The Oscar Committee wants to decide which person should get the best actor award among the given N actors.For that they decided to use a random function random_bit() which returns either 0 or 1 with equal probablity. For the results to be fair,the committee was asked to generate a random number between 1 to N (inclusive) , such that all actors have equal probability of being chosen (which in this case should always be equal to 1 / N.

First of all Committee wants to know the expected number of times they will need to call random_bit() function to generate a random number between 1 to N.Also, while calling the function, they should follow the optimal strategy (i.e. the strategy that minimizes the expected number of function calls)

This is problem of past contests at codechef.com and here's the link to it.

This site allows to see other users solution and till now only one solution has been accepted. The solution is in C++ code:

#include <iostream>
using namespace std
int main() {
    int T;
    cin >> T;
    for(int ii = 0; ii<T; ++ii) 
         int N;
         cin >> N;
         double p = 1, ans = 0;
         int x = 1 % N;
         for(int i = 0; i<100000; ++i)
              ans += x * p;
              x = (x * 2) % N;
              p /= 2;
         cout << ans;
    return 0;

I know how the code runs and what it does, but I can't find the logic behind it. Any help/ clue?

Also it would be nice if someone can post another algorithm.

1 Answer 1


It looks like the code interprets the string of random bits as a binary fraction, converts this to a N-ary fraction, and looks at the first digit of that N-ary fraction to determine the winner.

The question then becomes: How many random bits do we need until the first digit of the N-ary fraction is stable?

For all examples, I'll use N=3. The 3-ary fraction will start with

  • a 0 when the fraction is between 0 and 0.333333
  • a 1 when between 0.333333 and 0.666667
  • a 2 when between 0.666667 and 1.000000

E.g. 0.11... (binary) = at least 0.75... (decimal) = 0.2.. (3-ary) as it lays between 0.666667 and 1.

In this case, we could stop after 2 bits of input. However, in some cases, we can't decide yet because the number is still too close to a boundary.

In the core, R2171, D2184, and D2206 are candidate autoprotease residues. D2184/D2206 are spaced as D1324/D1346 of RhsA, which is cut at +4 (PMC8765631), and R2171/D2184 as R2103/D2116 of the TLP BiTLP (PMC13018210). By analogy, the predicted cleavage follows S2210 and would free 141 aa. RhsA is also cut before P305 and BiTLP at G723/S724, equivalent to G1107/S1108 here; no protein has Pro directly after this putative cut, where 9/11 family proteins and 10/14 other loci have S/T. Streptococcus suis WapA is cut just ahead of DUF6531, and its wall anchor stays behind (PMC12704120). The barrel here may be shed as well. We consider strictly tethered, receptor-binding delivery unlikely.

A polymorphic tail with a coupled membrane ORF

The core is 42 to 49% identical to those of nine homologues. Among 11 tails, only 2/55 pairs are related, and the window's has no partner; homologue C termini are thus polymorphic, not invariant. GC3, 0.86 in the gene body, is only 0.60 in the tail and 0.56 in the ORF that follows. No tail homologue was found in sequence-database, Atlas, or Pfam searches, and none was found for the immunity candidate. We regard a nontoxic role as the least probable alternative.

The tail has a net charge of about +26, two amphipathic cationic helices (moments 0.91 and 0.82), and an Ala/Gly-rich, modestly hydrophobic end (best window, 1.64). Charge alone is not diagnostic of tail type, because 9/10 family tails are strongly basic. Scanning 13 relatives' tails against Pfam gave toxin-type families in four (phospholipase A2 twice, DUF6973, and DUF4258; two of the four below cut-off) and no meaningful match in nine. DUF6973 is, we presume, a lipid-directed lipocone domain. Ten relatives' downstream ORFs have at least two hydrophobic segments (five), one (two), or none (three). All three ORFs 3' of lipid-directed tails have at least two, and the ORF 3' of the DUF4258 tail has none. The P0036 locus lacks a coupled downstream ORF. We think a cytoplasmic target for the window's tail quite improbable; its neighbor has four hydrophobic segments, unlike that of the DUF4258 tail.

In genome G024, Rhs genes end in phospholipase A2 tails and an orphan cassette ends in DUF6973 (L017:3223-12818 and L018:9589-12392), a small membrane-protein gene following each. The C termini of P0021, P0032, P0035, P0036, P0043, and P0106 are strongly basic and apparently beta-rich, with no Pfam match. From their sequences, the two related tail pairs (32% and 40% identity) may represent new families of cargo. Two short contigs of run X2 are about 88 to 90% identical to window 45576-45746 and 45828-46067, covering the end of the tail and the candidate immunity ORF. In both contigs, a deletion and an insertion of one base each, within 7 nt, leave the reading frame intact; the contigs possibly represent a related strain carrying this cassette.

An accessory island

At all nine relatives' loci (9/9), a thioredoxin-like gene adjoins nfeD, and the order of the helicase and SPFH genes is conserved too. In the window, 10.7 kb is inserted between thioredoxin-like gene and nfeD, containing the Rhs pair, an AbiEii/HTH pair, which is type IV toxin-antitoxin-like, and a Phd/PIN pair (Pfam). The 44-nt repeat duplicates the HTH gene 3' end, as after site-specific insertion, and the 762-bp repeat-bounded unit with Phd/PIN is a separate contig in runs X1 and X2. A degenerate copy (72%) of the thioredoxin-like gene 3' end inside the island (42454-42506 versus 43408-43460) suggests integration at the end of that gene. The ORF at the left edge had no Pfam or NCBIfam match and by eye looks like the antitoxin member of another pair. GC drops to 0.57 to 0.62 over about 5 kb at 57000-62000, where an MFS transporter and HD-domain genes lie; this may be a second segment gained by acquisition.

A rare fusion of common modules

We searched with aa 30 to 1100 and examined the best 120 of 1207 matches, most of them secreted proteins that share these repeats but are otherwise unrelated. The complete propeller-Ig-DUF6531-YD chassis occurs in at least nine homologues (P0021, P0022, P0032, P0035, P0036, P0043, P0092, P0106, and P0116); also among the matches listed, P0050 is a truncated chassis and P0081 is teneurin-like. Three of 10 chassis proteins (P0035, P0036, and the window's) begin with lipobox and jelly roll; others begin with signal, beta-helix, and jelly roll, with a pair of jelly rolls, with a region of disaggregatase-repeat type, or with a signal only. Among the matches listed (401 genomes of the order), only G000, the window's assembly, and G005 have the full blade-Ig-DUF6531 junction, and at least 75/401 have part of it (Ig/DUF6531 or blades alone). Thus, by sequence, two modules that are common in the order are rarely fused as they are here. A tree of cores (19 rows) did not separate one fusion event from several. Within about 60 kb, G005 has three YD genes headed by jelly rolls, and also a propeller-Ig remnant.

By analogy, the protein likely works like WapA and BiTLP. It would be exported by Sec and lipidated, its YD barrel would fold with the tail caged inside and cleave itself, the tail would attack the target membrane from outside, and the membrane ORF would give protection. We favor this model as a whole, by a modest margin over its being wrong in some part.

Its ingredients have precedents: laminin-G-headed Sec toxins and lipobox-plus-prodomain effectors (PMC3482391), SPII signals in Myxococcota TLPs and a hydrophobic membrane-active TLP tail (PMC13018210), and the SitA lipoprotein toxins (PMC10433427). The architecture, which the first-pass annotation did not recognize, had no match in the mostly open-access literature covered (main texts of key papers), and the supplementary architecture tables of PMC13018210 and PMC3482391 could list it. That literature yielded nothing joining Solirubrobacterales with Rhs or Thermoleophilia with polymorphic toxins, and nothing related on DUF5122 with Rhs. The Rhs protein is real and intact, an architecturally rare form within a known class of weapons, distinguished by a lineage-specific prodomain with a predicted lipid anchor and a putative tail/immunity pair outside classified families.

E.g. 0.01.... (binary) = between 0.25 and 0.5, so could be 0.0... (3-ary) or 0.1... (3-ary). So we need to look at more bits:

  • If that next bit is 1: 0.011... (binary) = between 0.375 and 0.5, so will always start with 0.1... (3-ary).
  • If that next bit is zero: 0.010... (binary) = between 0.25 and 0.375, so still we can't decide whether it is 0.0... (3-ary) or 0.1... (3-ary). So we ask for another bit.

So we always need at least two bits, sometimes a third, in even less cases a fourth, and so on.

Apparently but I'm not sure, x*p tracks the chance for needing yet-another-bit. ans is the sum of those chances. I can't fully explain this part of the algorithm, maybe somebody else can?

x*p gets smaller over time. At first it is stable, as each iteration p gets halved and x gets doubled. But sometimes x is reduced by the % N part. At some point, the current value of ans will dwarf x*p and the answer is as close as you can get. (However, 100000 iterations seems an awful lot. See below)

I hope this helps to understand what's going on.

Some additional observations about the code:

  • Once x becomes equal to zero, it will stay zero, and ans will not change anymore. The for loop could break at that point. This only happens when N is a power of 2, so is pretty rare (e.g. for N=3, x cycles through 1, 2, and back to 4=1).
  • 100000 looks like a insanely high upper limit. p is a double and starts at 1.0, so can be halved at most 1024 times before becoming denormalized. 53 halvations later, p will be so small that it will be rounded to zero.
  • Even stronger: as x and p both start at 1, ans will be set to 1 during the first iteration. At some point, x*p will become less than 2^-53, and when added to ans will be too small to matter and will be ignored due to rounding. As p will be halved each iteration, this will take between 53 and, say, 100 iterations max, depending on N.
  • Nice explanation of the method it uses, I was almost certain that it uses "binary search" method, but I thought of it like breaking the set into two halves and randomly choosing one, but I had problems when we had odd number of elements in the set. Anyway, thanks for the explanation, but can explan what x doubles over time (Why not let say triples)? And why we eventualy reduce it by %N part? I understand why p halves, but can't get over why x doubles
    – Stefan4024
    Apr 20, 2014 at 1:32
  • Actually can you explain how does iteration on x*p gives us the answer?
    – Stefan4024
    Apr 20, 2014 at 1:37
  • 1
    @Stefan4024 x = (x*2) % N doubles x in every iteration, until it becomes greater than N. E.g. for N=13, x will be 1, 2, 4, 8, 3, 6, 12, 11, 9, 5, 10, 7, 1. Especially at the start, the doubling is clearly visible.
    – Sjoerd
    Apr 20, 2014 at 10:01
  • 1
    @Stefan4024 I don't understand why ans += x * p; yields the correct answer. Apparently it does, as you said it was accepted as answer. I can explain why p halves: for each bit sequence that isn't clear yet, the next bit will make it clear in half of the cases, and postpones it in the other half. But I don't understand the formula for x. I would have expected something like ans += (N-1)*p for odd N, as there are N-1 undetermined bit sequences at any point (for powers of 2, there will be less such sequences), but I don't see how x*p adds up to N-1. My intuition fails me here.
    – Sjoerd
    Apr 20, 2014 at 10:16

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